A Serious Diagnosis often Missed: Salicylate Induced Pulmonary Edema (SIPE)

Lakshmi Kant Pathak, Vimala Vijayaraghavan, Chirag Chavda

  Open Access OPEN ACCESS  Peer Reviewed PEER-REVIEWED

A Serious Diagnosis often Missed: Salicylate Induced Pulmonary Edema (SIPE)

Lakshmi Kant Pathak1,, Vimala Vijayaraghavan2, Chirag Chavda3

1Department of Medicine, Sanford Medical Center University of North Dakota, USA

2Caribbean Medical University, Chicago Campus, USA

3Paris Regional Medical Center, Paris, Texas, USA


Salicylate induced pulmonary edema is mostly a un recognized diagnosis as most physicians have little or no experience in treating it. Therefore there are only 140 possible case reports of SIPE in literature making it a rare entity. Failure to recognize this condition may lead to significant morbidity and mortality. Therefore the objective of this case report is to make aware of the possibility of this diagnosis in patients presenting with neurological changes, fever, and dyspnea and anion-gap metabolic acidosis. It also discusses the best current practice guidelines on treatment of this condition based on present literature. A more definitive guideline on its diagnosis and treatment needs further research and study.

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Cite this article:

  • Pathak, Lakshmi Kant, Vimala Vijayaraghavan, and Chirag Chavda. "A Serious Diagnosis often Missed: Salicylate Induced Pulmonary Edema (SIPE)." American Journal of Medical Case Reports 3.2 (2015): 37-39.
  • Pathak, L. K. , Vijayaraghavan, V. , & Chavda, C. (2015). A Serious Diagnosis often Missed: Salicylate Induced Pulmonary Edema (SIPE). American Journal of Medical Case Reports, 3(2), 37-39.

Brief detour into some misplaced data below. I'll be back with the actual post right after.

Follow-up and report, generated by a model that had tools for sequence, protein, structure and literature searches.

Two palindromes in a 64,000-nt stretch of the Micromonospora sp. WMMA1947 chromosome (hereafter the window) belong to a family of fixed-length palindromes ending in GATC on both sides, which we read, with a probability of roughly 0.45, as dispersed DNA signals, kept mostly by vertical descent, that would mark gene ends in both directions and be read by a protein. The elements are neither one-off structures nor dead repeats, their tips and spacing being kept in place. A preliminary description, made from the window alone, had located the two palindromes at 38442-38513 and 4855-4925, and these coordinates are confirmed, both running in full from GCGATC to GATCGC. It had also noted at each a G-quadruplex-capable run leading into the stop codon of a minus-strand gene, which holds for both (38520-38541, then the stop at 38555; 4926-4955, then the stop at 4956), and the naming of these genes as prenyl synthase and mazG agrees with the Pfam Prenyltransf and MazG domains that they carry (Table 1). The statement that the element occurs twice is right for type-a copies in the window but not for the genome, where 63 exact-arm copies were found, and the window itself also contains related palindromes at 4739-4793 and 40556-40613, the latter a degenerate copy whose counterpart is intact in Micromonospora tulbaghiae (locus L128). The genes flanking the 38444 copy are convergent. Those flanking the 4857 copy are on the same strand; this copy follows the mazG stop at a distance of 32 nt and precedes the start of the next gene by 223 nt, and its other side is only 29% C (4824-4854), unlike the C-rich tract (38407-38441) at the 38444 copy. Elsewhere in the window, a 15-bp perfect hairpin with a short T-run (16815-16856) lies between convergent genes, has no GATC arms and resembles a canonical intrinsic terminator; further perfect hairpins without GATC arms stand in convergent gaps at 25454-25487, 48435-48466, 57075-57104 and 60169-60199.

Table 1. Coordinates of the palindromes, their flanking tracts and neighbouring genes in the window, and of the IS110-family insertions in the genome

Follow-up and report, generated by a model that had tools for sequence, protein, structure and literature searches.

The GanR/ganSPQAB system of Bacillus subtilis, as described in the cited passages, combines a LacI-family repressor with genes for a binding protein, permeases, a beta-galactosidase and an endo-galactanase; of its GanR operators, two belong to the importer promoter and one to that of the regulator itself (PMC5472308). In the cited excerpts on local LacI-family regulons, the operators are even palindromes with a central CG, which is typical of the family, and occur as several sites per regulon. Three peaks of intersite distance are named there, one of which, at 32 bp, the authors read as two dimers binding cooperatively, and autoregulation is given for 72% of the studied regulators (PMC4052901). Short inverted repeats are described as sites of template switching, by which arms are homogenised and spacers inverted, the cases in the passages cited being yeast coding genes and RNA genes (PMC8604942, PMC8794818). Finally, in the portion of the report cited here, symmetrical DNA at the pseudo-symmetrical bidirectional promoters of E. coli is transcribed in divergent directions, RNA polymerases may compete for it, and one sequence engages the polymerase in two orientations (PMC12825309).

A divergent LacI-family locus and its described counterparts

• Pathak, Lakshmi Kant, Vimala Vijayaraghavan, and Chirag Chavda. "A Serious Diagnosis often Missed: Salicylate Induced Pulmonary Edema (SIPE)." American Journal of Medical Case Reports 3, no. 2 (2015): 37-39.

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1. Introduction

Salicylate induced pulmonary edema (SIPE) is a complication of salicylate toxicity in both acute and chronic salicylate or aspirin users. The diagnosis is most often missed due to inability to recognize the clues compounded with the fact that most patients have associate neurological symptoms which make difficult to obtain a reliable history. Patients are often mis-diagnosed and treated for other conditions including pneumonia, heart failure and sepsis. This leads to significant delay and may cause severe morbidity and mortality.

2. Case Report

A 37 year old male patient presented to our emergency department with symptoms of altered mental status, tachypnea, and moderate respiratory distress. He was febrile with temperature of 101 degree Fahrenheit and hypoxic on room air. He reported taking “a bunch of aspirins” for his chronic back pain. On further questioning, he stated that for the past 3 months, he had been taking, on average, five to six of the over the counter Bayer Back and Body tablets each containing 500 mg of aspirin. Three to four days prior to presentation, he started taking about eight to ten tablets daily as his back pain worsened.

His medical history included hypertension and he smokes one pack of cigarettes every day.

Pertinent Physical exam findings included tachypnea with a respiratory rate of 45-50 breaths/minute with oxygen saturation of 90% after he had been on non-invasive ventilator for 30 minutes with a FiO2 of 100%. He was confused to time and place but without any focal motor weakness.

Lungs revealed extensive bilateral crepitation. Heart sounds was normal and the abdominal exam benign.

Pertinent abnormalities on laboratory evaluation included bicarbonate of 11 mmol/L, creatinine of 2.37 mg/dl and a salicylate level of 51 mg/dl. ABG on 100% FiO2 was pH of 7.37, PaCO2 of 18 mm Hg, PaO2 of 73mm Hg.

Chest X-ray and CT scan of the chest are as showed below:

Picture A. Chest X Ray showing pulmonary edema
Picture B. CT chest showing extensive bilateral ground glass appearance

Echocardiogram showed preserved left and right ventricular function and was completely normal.

Based on clinical findings a diagnosis of SIPE was made and nephrology was consulted for hemodialysis.

Although the current guidelines recommend urinary alkalization with intravenous sodium bicarbonate as best treatment strategy but it is not clear if such treatment will further worsen pulmonary edema and respiratory failure.